The Diocese of Norwich ‘Sunday Hope’ Podcast
Palm Sunday – 5 April 2020
The Very Revd Jane Hedges, Dean of Norwich:
A warm welcome to you on this Palm Sunday. I’m speaking to you from the Deanery in the Close looking towards the Cathedral, which like all the churches in our diocese is closed for public worship and private prayer at this time. However, its very presence at the heart of our city and diocese is a reminder that Christians have worshipped here for hundreds of years, and we now join in fellowship with one another and the great company of those who have gone before us as we offer our worship this morning.
This short podcast contains a the Collect for Palm Sunday, a reading, a homily, a question for reflection, and some prayers.
You might like to press pause now and light a candle as we help ourselves become more conscious that we are in God’s loving presence.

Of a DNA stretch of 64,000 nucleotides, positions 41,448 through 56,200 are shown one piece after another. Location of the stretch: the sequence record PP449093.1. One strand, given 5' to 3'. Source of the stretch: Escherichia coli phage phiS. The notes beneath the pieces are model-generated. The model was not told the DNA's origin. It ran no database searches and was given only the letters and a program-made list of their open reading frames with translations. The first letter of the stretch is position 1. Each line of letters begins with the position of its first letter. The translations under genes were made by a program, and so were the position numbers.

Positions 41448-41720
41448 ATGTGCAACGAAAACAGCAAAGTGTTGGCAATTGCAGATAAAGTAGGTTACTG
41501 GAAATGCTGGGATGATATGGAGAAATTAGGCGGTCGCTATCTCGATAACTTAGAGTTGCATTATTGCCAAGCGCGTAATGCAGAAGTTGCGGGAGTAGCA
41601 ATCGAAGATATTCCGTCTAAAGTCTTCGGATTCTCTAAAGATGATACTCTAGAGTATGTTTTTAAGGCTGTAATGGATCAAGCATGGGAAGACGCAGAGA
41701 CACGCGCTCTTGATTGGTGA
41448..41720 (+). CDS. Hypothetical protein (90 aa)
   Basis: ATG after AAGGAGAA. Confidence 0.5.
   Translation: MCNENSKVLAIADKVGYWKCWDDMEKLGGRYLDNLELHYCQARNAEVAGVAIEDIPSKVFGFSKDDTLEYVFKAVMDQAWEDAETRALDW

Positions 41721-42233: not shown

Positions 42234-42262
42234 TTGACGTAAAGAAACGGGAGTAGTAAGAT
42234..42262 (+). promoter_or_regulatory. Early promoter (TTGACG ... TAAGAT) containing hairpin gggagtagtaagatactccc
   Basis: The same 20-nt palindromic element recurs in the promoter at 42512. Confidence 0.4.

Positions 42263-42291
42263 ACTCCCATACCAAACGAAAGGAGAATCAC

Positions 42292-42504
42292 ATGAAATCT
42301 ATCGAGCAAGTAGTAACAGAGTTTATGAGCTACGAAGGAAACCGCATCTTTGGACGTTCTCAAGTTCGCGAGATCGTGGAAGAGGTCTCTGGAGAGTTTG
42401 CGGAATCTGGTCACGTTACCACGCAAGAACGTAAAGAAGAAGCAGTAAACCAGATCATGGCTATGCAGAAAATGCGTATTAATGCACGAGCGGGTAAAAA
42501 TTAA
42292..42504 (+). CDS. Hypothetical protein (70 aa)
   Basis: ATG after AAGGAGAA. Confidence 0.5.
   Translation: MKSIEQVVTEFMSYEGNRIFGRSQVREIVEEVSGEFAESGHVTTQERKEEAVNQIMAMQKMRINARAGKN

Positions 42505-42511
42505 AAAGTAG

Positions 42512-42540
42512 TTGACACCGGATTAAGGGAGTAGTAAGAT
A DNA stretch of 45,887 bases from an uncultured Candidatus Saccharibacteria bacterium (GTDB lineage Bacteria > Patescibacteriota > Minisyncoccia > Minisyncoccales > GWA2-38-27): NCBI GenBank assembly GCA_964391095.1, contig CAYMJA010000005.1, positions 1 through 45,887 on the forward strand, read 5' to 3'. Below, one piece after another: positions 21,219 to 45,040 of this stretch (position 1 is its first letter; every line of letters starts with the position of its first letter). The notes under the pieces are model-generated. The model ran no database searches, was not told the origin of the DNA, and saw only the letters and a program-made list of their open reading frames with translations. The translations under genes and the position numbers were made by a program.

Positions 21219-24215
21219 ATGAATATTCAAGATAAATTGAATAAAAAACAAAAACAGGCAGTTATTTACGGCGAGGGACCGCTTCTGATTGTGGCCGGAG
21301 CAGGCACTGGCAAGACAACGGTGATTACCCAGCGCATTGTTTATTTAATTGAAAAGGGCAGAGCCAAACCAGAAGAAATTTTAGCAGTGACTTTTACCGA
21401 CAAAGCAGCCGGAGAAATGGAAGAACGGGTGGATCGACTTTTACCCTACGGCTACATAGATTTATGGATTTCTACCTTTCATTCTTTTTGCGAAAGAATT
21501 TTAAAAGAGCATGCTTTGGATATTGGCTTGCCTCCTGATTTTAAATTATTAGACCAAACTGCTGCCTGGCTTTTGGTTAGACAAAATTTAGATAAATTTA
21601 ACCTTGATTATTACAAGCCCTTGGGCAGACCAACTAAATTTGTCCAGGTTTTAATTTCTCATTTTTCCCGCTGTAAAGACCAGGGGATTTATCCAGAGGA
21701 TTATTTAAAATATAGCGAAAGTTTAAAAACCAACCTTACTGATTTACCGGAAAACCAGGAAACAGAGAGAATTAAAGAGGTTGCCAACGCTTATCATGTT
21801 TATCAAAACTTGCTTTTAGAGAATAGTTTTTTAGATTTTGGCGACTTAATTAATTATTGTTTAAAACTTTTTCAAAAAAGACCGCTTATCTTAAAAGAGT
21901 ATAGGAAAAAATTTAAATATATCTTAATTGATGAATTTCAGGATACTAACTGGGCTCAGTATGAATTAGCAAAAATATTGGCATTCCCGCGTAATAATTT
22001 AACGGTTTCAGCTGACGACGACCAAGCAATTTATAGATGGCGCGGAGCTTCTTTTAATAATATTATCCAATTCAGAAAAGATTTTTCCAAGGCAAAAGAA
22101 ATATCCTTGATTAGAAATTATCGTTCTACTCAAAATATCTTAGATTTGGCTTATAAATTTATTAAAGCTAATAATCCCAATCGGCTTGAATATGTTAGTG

(Light candle and pause)
Let us pray
The Collect for Palm Sunday:
who in your tender love towards the human race
sent your son our Saviour Jesus Christ
to take upon him our flesh
and to suffer death upon the cross;
grant that we may follow the example of his patience and humility,
and also be made partakers of his resurrection;
through Jesus Christ our Lord. Amen.
We now hear the account of the first Palm Sunday as recorded in the 21st chapter of St Matthew’s gospel. My husband, Chris, is going to read this for us.
When they had come near Jerusalem and had reached Bethpage, at the Mount of Olives. Jesus sent two of his disciples, saying to them. “Go into the village ahead of you, and immediately you will find a donkey tied, and a colt with her, untie them and bring them to me. If anyone says anything to you, just say this, ‘The Lord needs them.’ And he will send them immediately.” This took place to fulfil what had been spoken through the prophet, saying,